The Senate's 61–20 vote, on 31 August 2016, to remove Rousseff from office meant that Temer succeeded her to serve out the remainder of Rousseff's second term, ending 31 December 2018. In his first speech in office, Temer called for a government of "national salvation" and asked for the trust of the Brazilian people. He also signaled his intention to overhaul the pension system and labor laws, and to curb public spending.A 2017 poll showed that Temer's administration had 7% popular approval, with 76% of respondents in favor of Temer's resignation. Despite widespread protests, Temer refused to step down. Temer did not stand for President in the 2018 elections and was succeeded by Jair Bolsonaro on 1 January 2019.Mário Covas
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Covas studied engineering at the Polytechnic School of the University of São Paulo. He entered politics in his native city of Santos, in the state of São Paulo.
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For the municipality in Maranhão see Presidente Juscelino, Maranhão
Presidente Juscelino is a Brazilian municipality located in the northeast of the state of Minas Gerais. Its population as of 2007 was 4,257 living in a total area of 696 km². The city belongs to the statistical mesoregion of Central Mineira and to the statistical microregion of Curvelo. It became a municipality in 1962.Presidente Juscelino is located at an elevation of 596 meters, 40 km. west of Curvelo on highway BR-259. The distance to the state capital, Belo Horizonte, is 216 km. Neighboring municipalities are: Corinto, Curvelo and Felixlândia. The name comes from former president of Brazil Juscelino Kubitschek.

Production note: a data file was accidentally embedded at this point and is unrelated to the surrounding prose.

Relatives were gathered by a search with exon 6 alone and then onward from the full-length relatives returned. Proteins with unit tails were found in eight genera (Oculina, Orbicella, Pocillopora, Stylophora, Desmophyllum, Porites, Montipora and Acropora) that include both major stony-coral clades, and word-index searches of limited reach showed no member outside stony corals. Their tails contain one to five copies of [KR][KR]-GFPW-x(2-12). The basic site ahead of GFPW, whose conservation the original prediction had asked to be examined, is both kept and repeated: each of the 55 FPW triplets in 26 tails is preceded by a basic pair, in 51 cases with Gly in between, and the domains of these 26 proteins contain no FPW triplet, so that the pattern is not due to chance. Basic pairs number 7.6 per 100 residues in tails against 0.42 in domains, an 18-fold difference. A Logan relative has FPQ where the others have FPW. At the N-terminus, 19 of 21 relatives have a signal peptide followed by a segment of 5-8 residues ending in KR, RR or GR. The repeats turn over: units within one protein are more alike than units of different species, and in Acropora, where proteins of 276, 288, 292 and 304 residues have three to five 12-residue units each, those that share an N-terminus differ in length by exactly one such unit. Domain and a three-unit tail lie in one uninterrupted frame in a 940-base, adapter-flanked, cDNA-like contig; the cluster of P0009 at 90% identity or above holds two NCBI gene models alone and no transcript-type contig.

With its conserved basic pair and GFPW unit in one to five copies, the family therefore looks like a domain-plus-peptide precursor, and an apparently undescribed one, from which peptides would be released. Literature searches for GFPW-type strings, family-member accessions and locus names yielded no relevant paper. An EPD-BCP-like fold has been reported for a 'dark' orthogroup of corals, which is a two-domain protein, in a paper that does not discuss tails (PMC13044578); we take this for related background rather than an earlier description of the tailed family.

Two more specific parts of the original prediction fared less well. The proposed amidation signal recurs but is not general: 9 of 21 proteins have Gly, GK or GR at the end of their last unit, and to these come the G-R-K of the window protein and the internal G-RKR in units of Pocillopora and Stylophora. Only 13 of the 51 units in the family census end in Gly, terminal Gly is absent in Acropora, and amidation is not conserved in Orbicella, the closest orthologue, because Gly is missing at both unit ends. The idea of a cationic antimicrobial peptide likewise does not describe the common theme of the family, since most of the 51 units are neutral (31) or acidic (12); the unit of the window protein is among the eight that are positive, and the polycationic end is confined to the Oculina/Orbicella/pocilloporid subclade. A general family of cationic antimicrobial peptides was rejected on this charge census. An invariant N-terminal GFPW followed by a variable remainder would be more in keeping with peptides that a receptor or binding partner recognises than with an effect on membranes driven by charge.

The main economic activities are services, small industries, and agriculture. The production of charcoal from eucalyptus plantations is also important. The GDP in 2005 was R$21 million, with 9 million from services, 4 million from industry, and 7 million from agriculture. There were 286 rural producers on 35,000 hectares of land. Only 34 farms had tractors (2006). Approximately 1000 persons were dependent on agriculture. The main crops were beans and corn. There were 23,000 head of cattle (2006). There were no banks (2007) and 218 automobiles (108 motorcycles), giving a ratio of 20 inhabitants per automobile.There was 1 health clinic. Patients with more serious health conditions are transported to Curvelo. Educational needs were met by 5 primary schools, 1 middle school, and 2 pre-primary schools.
Municipal Human Development Index: 0.654 (2000)
State ranking: 733 out of 853 municipalities as of 2000
National ranking: 3,707 out of 5,138 municipalities as of 2000
Literacy rate: 77%
Life expectancy: 65 (average of males and females)In 2000 the per capita income of R$97.00 was well below the state and national average of R$276.00 and R$297.00 respectively.
The highest ranking municipality in Minas Gerais in 2000 was Poços de Caldas with 0.841, while the lowest was Setubinha with 0.568. Nationally the highest was São Caetano do Sul in São Paulo with 0.919, while the lowest was Setubinha. In more recent statistics (considering 5,507 municipalities) Manari in the state of Pernambuco has the lowest rating in the country--0,467--putting it in last place.Presidente Tancredo Neves